Set in Stone

Tourists peer over the Grand Canyon's rim in 1947

Tourists looking down into the grand canyon in 1947. We've always been fascinated by the places time carved out before us.

It was still cool outside. The kind of spring day that gives you a summer sun wrapped with winter’s last chilled breath. On our way home from California, the radio was low and the girls slept in the backseat. Riley held my hand and I stared ahead. The window framed the Utah desert - a painting that’s faded in the sun. I’ve made that drive a hundred times since I was a little girl. I know the high and low places, the breaks in the road, the emptied gas stations and broken down cafes. I could trace it out for you in the desert sand. Familiarity doesn’t always mean certainty, of course.

There’s a canyon. A few miles long and a few hundred feet tall. It curves and shadows and slows and rolls. I’m always afraid when we drive through there. It is too fast, or too slow. Too twisted or too sloped. Riley always teases while I suck the breath through my teeth and clench my eyes as the car speeds past rock that has stood since before our hopes were born. It isn’t just the speed or the car. I feel small there. Mortal. One of millions that will pass by those stones without asking what they’ve seen. I used to think they felt my silence, but now I’ve begun to think I am the one being ignored. That canyon holds time I’ll never touch and as we curve through it to return to our home and chores and worries, I sometimes wonder what we’ve left behind.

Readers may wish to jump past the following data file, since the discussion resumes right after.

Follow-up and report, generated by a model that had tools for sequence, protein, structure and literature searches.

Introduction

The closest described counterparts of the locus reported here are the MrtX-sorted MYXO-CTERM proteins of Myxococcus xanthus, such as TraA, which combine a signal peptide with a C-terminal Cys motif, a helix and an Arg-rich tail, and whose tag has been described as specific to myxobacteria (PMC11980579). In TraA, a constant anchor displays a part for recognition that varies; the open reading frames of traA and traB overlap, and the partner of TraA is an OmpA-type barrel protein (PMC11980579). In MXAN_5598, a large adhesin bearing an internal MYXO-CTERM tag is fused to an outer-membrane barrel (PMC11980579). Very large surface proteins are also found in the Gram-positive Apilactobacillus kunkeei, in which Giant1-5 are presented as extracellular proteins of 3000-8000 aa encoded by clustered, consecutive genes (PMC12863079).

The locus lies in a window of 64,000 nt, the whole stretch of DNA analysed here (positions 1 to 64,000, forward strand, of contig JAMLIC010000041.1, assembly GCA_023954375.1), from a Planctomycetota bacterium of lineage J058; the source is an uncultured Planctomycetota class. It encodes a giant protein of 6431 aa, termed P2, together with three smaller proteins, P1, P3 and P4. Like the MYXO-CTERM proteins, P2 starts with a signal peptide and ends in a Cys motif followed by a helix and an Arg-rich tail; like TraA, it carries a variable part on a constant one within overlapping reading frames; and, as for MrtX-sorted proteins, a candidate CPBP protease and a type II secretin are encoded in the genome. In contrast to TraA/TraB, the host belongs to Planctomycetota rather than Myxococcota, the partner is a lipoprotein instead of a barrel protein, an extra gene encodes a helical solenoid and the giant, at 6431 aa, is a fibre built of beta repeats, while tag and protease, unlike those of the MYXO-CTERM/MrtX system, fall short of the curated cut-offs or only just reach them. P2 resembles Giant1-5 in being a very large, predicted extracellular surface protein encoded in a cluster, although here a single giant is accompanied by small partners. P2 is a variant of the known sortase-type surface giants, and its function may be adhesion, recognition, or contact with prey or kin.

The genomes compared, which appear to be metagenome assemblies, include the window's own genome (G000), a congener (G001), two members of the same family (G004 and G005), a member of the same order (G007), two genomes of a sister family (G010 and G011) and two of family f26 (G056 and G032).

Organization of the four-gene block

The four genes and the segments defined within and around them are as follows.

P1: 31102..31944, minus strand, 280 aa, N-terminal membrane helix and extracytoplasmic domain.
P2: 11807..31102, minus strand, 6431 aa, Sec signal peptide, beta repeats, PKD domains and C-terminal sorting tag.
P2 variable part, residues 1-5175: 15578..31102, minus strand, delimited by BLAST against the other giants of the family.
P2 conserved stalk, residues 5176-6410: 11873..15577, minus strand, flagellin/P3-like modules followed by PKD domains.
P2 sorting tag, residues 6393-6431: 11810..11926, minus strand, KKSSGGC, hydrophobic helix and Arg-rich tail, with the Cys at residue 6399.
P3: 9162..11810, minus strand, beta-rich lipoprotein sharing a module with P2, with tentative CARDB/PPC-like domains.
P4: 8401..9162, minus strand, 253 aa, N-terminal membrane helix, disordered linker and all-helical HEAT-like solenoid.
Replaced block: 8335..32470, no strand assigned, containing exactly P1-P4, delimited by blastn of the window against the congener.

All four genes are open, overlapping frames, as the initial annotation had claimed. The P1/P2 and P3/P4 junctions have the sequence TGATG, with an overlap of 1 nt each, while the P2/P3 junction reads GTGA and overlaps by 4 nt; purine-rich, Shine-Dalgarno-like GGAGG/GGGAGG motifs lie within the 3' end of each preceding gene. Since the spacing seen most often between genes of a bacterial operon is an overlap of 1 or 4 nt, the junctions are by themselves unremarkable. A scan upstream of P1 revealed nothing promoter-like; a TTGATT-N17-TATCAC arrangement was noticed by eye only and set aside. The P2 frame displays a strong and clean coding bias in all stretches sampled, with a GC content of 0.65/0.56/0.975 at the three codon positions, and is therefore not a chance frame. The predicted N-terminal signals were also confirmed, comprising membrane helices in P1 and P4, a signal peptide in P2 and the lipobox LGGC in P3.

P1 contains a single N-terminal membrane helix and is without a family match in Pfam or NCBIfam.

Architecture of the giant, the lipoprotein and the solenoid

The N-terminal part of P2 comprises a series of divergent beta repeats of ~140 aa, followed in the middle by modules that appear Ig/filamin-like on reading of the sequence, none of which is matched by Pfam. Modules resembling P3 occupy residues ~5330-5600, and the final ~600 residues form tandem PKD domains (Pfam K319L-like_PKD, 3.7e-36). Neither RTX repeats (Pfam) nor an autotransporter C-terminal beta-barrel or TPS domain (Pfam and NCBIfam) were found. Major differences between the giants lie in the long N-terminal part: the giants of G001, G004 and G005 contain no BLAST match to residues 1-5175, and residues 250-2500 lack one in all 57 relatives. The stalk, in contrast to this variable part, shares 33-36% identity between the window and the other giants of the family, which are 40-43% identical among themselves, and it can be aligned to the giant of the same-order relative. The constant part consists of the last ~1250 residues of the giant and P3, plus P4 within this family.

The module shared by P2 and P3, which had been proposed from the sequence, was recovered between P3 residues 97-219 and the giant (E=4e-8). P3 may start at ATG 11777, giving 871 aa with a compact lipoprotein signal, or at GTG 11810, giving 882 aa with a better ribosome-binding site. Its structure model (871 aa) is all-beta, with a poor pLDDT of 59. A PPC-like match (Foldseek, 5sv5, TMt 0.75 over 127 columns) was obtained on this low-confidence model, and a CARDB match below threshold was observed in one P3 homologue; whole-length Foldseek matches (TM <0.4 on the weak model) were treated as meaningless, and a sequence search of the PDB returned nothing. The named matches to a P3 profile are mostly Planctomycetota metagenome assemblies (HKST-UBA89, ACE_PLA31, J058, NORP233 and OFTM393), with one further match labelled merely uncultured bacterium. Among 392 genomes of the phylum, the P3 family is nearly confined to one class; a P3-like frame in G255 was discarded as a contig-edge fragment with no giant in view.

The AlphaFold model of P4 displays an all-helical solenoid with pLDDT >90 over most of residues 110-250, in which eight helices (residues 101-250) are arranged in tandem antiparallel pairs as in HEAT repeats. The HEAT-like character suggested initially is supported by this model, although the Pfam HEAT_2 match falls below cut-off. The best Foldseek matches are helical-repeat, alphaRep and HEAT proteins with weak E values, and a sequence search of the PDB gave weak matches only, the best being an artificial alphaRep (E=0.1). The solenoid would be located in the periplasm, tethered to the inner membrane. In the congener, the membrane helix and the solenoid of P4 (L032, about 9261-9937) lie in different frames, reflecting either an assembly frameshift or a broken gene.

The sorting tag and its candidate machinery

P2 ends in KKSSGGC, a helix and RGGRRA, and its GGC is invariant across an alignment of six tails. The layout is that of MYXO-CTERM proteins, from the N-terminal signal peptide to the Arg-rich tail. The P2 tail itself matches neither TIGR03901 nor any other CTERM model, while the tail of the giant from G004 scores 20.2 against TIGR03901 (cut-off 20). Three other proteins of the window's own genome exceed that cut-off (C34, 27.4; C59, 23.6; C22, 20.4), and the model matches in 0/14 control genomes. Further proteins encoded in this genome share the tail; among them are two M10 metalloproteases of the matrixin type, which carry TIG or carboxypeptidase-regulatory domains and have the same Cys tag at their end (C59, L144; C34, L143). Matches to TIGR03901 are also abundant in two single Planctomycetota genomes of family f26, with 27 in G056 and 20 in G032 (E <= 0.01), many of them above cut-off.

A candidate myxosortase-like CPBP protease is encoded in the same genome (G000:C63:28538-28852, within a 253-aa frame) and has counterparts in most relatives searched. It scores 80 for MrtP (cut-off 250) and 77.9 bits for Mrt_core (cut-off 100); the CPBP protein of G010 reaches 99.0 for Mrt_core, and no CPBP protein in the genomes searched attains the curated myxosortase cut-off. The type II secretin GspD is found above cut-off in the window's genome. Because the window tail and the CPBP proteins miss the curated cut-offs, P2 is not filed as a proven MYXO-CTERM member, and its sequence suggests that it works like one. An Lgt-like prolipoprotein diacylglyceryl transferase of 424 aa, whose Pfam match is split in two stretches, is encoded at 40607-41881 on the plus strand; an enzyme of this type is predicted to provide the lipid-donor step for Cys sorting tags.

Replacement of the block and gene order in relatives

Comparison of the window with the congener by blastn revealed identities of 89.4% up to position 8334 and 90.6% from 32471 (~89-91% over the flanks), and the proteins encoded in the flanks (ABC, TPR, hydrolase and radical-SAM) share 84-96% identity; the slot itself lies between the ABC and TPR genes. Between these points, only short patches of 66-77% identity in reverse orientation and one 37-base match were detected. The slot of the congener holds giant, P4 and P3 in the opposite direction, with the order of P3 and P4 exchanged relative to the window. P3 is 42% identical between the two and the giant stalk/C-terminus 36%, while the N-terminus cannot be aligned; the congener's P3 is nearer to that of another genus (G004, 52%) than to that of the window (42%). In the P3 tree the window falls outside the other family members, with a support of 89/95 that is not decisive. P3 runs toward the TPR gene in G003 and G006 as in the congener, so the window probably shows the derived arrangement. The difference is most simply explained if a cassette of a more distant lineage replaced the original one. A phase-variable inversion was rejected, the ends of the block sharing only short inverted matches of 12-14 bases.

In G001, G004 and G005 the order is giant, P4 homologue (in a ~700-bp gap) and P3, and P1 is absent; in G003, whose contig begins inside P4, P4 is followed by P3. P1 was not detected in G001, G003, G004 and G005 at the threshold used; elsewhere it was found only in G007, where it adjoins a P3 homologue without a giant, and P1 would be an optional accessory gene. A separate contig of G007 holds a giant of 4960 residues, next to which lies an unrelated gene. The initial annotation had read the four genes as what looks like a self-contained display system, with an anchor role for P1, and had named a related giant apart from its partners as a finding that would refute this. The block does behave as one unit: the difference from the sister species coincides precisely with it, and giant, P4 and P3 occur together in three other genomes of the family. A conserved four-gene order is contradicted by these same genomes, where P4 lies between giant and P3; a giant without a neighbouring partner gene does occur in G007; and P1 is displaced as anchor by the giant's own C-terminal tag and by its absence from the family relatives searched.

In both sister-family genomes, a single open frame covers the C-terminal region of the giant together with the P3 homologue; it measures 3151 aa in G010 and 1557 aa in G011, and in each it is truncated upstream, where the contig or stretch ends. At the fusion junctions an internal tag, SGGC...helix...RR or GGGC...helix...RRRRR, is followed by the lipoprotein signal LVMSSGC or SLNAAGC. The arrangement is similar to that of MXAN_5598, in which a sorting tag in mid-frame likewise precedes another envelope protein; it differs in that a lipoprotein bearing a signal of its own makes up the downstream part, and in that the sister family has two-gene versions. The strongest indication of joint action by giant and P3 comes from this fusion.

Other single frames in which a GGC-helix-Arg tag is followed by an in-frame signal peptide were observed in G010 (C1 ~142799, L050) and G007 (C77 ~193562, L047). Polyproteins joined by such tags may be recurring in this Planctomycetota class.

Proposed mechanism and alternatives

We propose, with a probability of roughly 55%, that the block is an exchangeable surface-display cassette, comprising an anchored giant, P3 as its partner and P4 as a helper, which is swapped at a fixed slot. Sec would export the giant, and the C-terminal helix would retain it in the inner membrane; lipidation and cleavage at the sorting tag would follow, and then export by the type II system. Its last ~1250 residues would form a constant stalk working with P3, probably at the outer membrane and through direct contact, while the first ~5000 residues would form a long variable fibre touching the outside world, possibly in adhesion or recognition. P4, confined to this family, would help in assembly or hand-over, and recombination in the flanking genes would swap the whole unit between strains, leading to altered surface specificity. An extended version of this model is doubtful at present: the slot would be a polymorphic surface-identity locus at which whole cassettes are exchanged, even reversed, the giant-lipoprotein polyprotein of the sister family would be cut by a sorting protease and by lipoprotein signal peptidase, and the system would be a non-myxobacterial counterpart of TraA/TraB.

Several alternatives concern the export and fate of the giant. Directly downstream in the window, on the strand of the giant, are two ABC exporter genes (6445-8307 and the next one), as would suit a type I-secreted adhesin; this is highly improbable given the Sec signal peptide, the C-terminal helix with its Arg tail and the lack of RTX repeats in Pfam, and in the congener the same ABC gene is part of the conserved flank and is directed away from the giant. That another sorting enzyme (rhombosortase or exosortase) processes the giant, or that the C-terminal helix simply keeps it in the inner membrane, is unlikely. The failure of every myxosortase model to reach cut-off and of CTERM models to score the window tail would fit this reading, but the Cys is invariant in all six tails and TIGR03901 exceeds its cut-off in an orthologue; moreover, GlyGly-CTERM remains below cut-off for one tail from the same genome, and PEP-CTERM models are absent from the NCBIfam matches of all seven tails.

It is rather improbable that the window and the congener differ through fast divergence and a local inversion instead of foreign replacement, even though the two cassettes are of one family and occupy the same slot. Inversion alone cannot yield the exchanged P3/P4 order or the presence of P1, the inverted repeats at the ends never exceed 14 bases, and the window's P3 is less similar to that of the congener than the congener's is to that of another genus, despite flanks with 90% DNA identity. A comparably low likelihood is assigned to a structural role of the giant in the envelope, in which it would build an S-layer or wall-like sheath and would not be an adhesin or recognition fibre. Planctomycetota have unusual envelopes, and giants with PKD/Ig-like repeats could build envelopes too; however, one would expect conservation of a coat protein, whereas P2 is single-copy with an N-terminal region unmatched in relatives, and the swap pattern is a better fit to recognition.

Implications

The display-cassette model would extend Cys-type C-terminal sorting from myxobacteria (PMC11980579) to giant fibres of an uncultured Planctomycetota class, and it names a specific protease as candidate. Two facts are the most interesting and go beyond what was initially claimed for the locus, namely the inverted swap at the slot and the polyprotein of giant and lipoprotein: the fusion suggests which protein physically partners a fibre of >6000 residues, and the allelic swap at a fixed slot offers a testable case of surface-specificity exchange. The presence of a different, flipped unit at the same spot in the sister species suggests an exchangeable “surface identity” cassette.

The drive that day wasn’t so different. Going into the canyon felt the same. An intake of air and then fast talking to act like I wasn’t afraid. Riley smiled knowingly and so I put my words away and looked out the window.

A car and then yellow lines and then a tree and a stream and then briefly, so briefly my heart recorded it before my eyes - a father and daughter on the side of the road, looking over the red clay expanse. She held a camera and he held her shoulders. A guide to the art of vision and focus. And for just an instant, amid those sentinels that hold time, I could feel the weight of my father’s hands on my shoulders. His words of encouragement as I chose the focus and filter for my world. The beauty of the moments I had once, the ones that exist somewhere in the places I’ve lived through till they’re worn with the breathing and leaving. I was a girl that still had a dad and a heart that beat without the patchwork of hope and faith and sanctified sorrow. Another moment and then the scene was gone, hidden by our progress and the jutting earth.

The road flattened and the horizon grew. The canyon fell behind us. I cried as it I felt it collapse on the time it held and the person I used to be.

Riley looked over at me, his eyes still knowing and I remembered his hand on mine. I squeezed it once and then wiped away the wetness from my face.

“Ready to get home?”

“Ready.”

And we drove on.